The group of statues called the Burghers of Calais, wearing yellow vests, on the campus of Stanford University in Palo Alto, Calif. on Jan. 7, 2018. (anonymous)
PALO ALTO, Calif.—On the morning of Jan. 7, a mysterious protest took place on the campus of Stanford University, perhaps connected to the inauguration of California’s new governor, Gavin Newsom.
Six famous sculptures by Auguste Rodin in Stanford University’s Memorial Court were adorned in yellow vests, at the same time that Newsom was making his inauguration speech in the state capitol. The statues are symbols of civic virtue.
Californians started seeing yellow vests in December, when activists of the New California state movement began wearing the vests “in solidarity with French citizens” against socialism and globalism.
The group of sculptures at Stanford, called The Burghers of Calais, were commissioned by the city of Calais in 1884 and were completed in 1889. The sculptures have been symbols of the university in its Memorial Court, where there originally stood a statue honoring the Stanford Family.
Newsom, in his inauguration speech, said that he would continue the sanctuary-state policies and environmental policies adopted by his predecessor, Gov. Jerry Brown. California’s sanctuary-state policies and its strict environmental policies have both been widely criticized.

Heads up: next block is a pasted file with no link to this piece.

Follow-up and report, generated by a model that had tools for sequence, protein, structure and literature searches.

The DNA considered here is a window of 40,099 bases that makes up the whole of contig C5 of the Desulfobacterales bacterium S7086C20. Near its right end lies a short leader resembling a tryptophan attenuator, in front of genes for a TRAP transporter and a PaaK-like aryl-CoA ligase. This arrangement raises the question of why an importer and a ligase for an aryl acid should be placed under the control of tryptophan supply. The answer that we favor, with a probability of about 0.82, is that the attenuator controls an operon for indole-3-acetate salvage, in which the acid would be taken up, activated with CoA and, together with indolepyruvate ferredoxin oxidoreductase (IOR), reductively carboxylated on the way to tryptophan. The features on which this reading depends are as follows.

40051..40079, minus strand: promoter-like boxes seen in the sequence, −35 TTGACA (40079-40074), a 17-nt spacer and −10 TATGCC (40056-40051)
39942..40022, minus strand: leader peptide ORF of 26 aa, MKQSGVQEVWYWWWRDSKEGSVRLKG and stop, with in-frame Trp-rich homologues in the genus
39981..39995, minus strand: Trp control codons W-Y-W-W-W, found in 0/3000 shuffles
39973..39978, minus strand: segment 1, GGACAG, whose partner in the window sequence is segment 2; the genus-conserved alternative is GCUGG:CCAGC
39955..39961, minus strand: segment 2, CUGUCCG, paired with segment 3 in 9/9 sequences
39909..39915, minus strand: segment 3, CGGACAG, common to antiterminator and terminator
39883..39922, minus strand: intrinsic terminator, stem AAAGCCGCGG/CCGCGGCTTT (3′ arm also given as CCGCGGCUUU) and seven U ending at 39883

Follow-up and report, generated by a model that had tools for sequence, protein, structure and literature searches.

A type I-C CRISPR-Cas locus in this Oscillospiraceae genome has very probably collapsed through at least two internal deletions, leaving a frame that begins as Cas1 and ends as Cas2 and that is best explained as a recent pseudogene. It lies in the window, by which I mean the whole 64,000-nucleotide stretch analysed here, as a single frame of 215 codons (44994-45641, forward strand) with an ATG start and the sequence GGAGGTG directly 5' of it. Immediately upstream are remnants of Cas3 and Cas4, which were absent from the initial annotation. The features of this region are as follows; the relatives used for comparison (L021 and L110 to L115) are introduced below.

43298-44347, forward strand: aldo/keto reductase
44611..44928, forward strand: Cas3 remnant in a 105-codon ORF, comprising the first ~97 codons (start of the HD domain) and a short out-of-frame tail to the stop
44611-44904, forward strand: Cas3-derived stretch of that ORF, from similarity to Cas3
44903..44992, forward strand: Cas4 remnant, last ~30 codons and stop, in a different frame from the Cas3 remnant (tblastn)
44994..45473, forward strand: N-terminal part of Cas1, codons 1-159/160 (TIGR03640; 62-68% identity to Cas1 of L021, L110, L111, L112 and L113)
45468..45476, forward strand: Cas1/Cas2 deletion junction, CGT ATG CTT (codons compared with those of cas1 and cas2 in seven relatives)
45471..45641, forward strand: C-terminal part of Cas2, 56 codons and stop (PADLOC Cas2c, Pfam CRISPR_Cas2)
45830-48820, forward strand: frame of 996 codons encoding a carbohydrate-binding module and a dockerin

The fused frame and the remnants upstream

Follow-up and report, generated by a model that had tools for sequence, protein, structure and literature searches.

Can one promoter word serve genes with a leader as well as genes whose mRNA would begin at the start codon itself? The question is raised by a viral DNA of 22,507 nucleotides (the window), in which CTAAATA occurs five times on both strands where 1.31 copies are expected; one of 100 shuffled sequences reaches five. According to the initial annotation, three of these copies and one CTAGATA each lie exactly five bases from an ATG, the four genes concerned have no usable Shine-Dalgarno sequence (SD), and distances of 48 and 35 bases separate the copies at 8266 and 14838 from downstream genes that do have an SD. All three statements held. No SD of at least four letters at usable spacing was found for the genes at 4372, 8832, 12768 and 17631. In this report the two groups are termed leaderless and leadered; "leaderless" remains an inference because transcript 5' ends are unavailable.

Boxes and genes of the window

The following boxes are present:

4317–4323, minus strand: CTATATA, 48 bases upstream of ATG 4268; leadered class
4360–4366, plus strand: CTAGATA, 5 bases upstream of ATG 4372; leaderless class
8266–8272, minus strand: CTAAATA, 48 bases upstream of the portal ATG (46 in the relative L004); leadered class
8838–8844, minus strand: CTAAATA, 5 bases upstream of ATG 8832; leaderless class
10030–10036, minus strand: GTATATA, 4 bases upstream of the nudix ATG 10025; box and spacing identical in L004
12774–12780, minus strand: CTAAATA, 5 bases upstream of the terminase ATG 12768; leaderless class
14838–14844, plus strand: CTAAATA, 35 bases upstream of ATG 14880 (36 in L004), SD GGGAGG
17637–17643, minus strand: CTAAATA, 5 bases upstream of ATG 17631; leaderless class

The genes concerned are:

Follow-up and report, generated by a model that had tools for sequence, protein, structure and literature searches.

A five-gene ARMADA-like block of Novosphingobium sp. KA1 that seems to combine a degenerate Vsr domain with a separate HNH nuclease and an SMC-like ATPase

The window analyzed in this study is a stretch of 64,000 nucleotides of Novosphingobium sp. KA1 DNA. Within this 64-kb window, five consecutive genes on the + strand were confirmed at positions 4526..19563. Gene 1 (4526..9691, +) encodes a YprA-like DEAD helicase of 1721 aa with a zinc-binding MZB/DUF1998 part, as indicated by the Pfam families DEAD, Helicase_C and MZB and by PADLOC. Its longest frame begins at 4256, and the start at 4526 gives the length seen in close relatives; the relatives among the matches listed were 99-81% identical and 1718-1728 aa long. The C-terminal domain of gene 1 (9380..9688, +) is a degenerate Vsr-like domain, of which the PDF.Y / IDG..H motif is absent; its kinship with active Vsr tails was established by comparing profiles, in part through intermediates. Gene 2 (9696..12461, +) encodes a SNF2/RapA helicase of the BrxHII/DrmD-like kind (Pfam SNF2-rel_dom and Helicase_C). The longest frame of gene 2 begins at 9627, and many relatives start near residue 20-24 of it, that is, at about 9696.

The slaying of Newman, California, police Corporal Ronil Singh by an illegal immigr
ant the day after Christmas caused a strong reaction around the nation to the state’s sanctuary policy.
Yellow vest-wearing activists in the New California state movement issued a grievance Jan. 1 that described the state’s sanctuary policy as “acts of insurrection against U.S. Constitution” and urged President Donald Trump to take proper action to stop the policy.
California’s strict environmental policies have been widely criticized for preventing the state from building water reservoirs, and driving prices higher for vehicles and construction.
During Newsom’s inauguration ceremony, yellow-vested protesters were seen outside the State Capitol building.
The Burghers of Calais sculptures memorialized the six citizens who saved the French city Calais during the Hundred Years War between France and England. In 1347, after 11 months of siege by England’s Edward III, starvation forced the French city to parley for surrender. Edward offered to spare the people of the city if six of its leaders walked out with the keys to the city, and wearing ropes around their necks ready to be hanged.
Rodin’s sculptures depict the six saviors with bare feet, and wearing ropes around their necks walking towards the English ruler. Rodin was celebrating the idea that heroic deeds may be performed by ordinary people.
So far no one on the Stanford campus has claimed credit for placing the yellow vests on the statues.